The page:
I was recently out with a friend when I encountered one of my first awkward-vegan moments: we’d ordered the only “non-meat” item–cryptically named–on the menu to share, and what arrived on the table was a ball of cheese accompanied with two breadsticks. I went for the bread, she for the cheese. It soon became obvious, even without our having to say anything, that we were both choosing based on dietary concerns. While I was abstaining from animal products, she was abstaining from gluten. Gluten-free (GF) has become one of the fastest growing food movements of recent years. 22% of adults have removed the protein from their diets, and there were 1,700 new GF products introduced to the market last year. (Update: The New York Times reports that 11% of American households have bought GF products in 2013. Only 1.8 million Americans (0.6% of population) actually have celiac disease). But what’s the hype all about? Gluten-free diets are primarily used for the treatment of Celiac disease, an autoimmune disease that lives in the small intestine. When a person with Celiac consumes gluten, his or her immune system starts to attack the villi of the small intestine, which prevents the absorption of nutrients. According to another estimate, about 3 million Americans either suffer from Celiac or have increased gluten sensitivity, but 97% of those cases remain undiagnosed since symptoms are similar to those of a variety of other conditions–general digestive issues, diarrhea, bloating, and fatigue, all results of malnourishment. A GF diet is the only way to stop the effects and prevent complications of Celiac. However, GF is catching on even among those without Celiac for a number of reported health benefits. Studies show that less gluten in your diet can lead to clearer thinking, reduced inflammation, and increased energy. As a vegan, I know that there are drawback and upsides to all dietary restrictions, so I’ve always been skeptical of further reducing my list of food option by going GF. Just like not eating animal products can deprive a person of essential nutrients without proper substitutes, no gluten means that you miss out on many of the health benefits of glutenous foods. Finding GF products can be difficult for people without access to expansive grocery stores, and they often come with a high price tag. I do not have Celiac disease, but for curiosity’s sake, and at my friend’s recommendation, I decided I’d try being GF for a week to see what it’s all about. But before I began, I sketched out a plan to ensure success. Learn: I did my homework to learn as much as I could about gluten and was surprised at what the actual guidelines of GF were. Gluten is protein found in wheat, barley, rye, and triticale (a wheat-rye hybrid). That means I can’t eat any of those foods or foods made with them. I consulted the GF encyclopedia, glutenfree.com, to get a list of what to look for and avoid when I went grocery shopping. The Mayo Clinic also had a handy guide to the details of the diet.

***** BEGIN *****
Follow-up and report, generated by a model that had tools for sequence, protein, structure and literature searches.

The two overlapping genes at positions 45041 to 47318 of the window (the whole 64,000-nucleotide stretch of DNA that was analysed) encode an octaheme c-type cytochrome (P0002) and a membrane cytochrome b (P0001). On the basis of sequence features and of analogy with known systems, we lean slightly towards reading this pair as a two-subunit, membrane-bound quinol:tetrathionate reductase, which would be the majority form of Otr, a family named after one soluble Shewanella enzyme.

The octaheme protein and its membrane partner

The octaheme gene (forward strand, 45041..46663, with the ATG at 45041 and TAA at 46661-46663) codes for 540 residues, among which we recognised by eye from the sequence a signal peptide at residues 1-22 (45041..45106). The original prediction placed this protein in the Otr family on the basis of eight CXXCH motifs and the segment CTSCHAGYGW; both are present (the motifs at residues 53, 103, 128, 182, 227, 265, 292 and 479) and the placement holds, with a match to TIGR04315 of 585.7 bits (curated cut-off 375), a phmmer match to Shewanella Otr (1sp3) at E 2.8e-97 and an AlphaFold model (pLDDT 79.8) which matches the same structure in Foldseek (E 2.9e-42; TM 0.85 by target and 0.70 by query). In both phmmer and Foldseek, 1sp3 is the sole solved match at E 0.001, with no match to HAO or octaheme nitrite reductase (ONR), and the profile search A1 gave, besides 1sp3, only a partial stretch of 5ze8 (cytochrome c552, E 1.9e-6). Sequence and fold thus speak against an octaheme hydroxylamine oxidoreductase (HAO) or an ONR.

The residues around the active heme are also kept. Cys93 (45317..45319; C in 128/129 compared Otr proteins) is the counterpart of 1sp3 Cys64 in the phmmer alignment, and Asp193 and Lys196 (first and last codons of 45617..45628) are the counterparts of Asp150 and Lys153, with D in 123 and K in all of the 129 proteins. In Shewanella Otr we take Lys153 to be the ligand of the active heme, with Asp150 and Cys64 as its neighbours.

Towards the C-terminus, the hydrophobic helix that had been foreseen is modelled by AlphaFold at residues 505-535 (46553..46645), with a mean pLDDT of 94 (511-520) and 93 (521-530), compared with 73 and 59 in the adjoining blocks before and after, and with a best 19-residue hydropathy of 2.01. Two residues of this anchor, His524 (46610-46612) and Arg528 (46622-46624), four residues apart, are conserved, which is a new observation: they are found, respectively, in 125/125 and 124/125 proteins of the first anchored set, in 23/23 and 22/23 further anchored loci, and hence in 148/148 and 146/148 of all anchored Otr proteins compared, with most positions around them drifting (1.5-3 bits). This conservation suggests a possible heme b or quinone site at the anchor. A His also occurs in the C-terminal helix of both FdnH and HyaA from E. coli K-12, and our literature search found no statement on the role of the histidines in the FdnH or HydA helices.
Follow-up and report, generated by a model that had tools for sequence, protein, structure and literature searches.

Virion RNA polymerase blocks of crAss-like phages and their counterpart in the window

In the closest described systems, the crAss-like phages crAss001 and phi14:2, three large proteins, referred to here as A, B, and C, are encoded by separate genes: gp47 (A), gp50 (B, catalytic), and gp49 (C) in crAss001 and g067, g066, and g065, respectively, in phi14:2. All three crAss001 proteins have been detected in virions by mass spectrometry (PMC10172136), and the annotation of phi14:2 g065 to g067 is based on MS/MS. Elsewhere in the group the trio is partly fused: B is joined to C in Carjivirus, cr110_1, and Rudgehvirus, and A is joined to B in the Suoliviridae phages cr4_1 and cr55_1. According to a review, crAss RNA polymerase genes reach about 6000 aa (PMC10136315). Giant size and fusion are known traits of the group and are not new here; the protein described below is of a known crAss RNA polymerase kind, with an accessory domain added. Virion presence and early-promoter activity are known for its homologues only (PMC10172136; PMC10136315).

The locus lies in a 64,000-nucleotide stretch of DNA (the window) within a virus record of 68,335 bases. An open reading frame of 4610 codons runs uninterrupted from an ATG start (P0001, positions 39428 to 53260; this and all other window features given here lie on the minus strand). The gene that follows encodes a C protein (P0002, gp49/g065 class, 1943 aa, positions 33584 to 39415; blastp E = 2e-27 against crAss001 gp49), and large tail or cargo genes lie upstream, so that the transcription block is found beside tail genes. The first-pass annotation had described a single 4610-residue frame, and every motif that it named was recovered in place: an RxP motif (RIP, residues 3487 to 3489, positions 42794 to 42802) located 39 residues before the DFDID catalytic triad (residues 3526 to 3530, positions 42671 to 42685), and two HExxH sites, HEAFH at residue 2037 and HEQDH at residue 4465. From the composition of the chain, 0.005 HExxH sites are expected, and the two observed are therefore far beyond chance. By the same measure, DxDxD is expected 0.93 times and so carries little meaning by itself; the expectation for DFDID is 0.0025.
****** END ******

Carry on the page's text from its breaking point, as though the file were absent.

Substitute: I’m no stranger to restrictive diets, and I am not planning to embark upon a week of deprivation. I knew that if I wasn’t smart about finding other carbohydrate options especially, I’d be miserable and feel unwell. But you can see in the above, there are many naturally GF foods, including all fruits and vegetables, that are completely fine to eat; and for non-vegans, dairy and meat are also on the Yum! list. I was happy to see that a number of grains I already have in my menu cycle, like quinoa and rice, are also GF. This week, I’ll try adding some new things to take the place of my wheat-based bread and cereals, which I’ll be able to continue to eat even after the week is through.
Experiment: Since I love to bake and cook, I plan to find even more new recipes that are GF and report back to you Peaceful Dumplings about the ease of adopting this lifestyle.
Next page: the results of my Gluten-Free Week!
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